Lizs Book Snuggery

Kisses to all the small Ellas out there!


By Mallory Kasdan; illustrated by Marcos Chin


“Ella” is a picture book urban parody of the 1955 iconic Plaza Hotel living, precocious but precious, lots of time on her hands and well-to-do child of means called ELOISE!

Eloise lives with HER Nanny, a dog called Weenie, that looks like a cat, and the turtle, Skipperdee who consumes raisins on the “room on the tippy-top floor” of the hotel. Ella, too, lives in the Penthouse or the “PH” as she dubs it.

Eloise is famous or infamous, as you please, and has enchanted readers both old and young. HER creator, Kay Thompson, star of “Funny Face” and cabaret acts galore, brought her to life with several subsequent books and assorted TV productions. 

Both Eloise and Ella’s days are filled with finding devious and devilish ways to prevent boredom. Remember the famous quote from Dorothy Parker? “The cure for boredom is curiosity. There is no cure for curiosity.”

Both Eloise and the hip, happening Ella stave off the Big B with abandon – and a great deal of curiosity.They are both six. Eloise lives at The Plaza, while Ella resides at “The Local Hotel” that looks like it could be situated near the High Line in NYC.

Eloise has a female live-in called Nanny, while Ella has a male nanny, named Manny who is ultra cool. He has tattoos for sleeves, makes films, plays guitar AND pickles veggies!

Marcos Chin’s art has a colorfully urban edge that is the exact opposite of the black and white drawings of Hillary Knight that brought Eloise to lavish life in her elegant Plaza abode. The only red in those books was the bow in Eloise’s hair. I like elegant!

Ella has a poofy, blue barrette held hairdo unlike the pin straight locks of Eloise. And here, there are no black, pleated skirts with white blouse and accompanying Mary Janes for Ella.

Nope. Her wardrobe consists of a sky blue skirt with accompanying sleeveless blouse, cinched black belt and tights. High top sneakers are her shoe of choice. Her dog, a doxie, travels in a red polka dotted bag slung over her shoulder. She’s ready to go and go she does. After all, her entire back and front yard is the cultural richness of New York!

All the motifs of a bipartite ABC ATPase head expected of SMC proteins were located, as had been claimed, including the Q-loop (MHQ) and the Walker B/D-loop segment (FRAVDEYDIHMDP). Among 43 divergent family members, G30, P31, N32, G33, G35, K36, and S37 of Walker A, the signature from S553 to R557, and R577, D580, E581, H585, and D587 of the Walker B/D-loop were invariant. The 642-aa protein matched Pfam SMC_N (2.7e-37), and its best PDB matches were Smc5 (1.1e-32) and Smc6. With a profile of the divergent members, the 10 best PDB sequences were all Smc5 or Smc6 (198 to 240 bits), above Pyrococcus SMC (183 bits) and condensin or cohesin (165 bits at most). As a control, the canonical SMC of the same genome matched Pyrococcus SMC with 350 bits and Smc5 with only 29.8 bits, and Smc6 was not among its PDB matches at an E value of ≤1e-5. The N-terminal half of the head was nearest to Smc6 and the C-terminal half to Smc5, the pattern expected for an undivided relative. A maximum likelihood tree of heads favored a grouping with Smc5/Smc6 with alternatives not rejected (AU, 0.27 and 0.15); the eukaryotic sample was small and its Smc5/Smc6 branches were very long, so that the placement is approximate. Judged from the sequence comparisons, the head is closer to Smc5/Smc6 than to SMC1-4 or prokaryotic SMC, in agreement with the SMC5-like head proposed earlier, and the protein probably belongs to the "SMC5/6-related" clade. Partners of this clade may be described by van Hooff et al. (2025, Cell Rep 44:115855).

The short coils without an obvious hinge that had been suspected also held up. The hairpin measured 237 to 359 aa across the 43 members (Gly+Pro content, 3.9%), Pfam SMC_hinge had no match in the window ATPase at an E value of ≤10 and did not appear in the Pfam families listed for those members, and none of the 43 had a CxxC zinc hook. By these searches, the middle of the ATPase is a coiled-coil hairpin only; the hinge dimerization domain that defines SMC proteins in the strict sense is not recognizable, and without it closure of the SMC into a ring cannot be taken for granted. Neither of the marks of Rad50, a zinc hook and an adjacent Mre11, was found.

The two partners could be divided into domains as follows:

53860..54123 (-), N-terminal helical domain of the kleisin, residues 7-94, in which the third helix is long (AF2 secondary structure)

Ella also has a pooch named Stacie, and instead of Eloise’s turtle called Skipperdee, she has a fish called Rasta. Cool!

Weaving her way through the ethnically diverse parade of patrons and employees of her hotel home, Ella is as comfy in urban chic as Eloise is at the elegance of the Plaza.

Bell Captains Levi and Louis at Ella’s hotel are red bearded, white shirted with bow and hand over hand style ties. Very cool! And the courtly Maverick, the African-American Bouncer from the roof top bar, greets Ella with a kindly, “What’s up girl how you feel?”

Ella has a LOT of time on her hands to be filled. Never a waster of that precious commodity, she uses the land line at the Front Desk to do helpful wake up calls to sleeping patrons. Hmmm.

This child is more than a bit bored as she pranks her way through the day. A Metro card figures largely in one. Nice current cultural touch here.

Ella spends large portions of some days texting, meditating, doing Zumba and performing mani/pedis for her dog. This girl has a ton of time on her hands! She also loves to hide the “Privacy Please” signs from other residents’ door knobs! Cute.

She checks stairs ways for paparazzi and has even attended a famous woman politico’s fundraiser – I’m sure for a hefty contribution.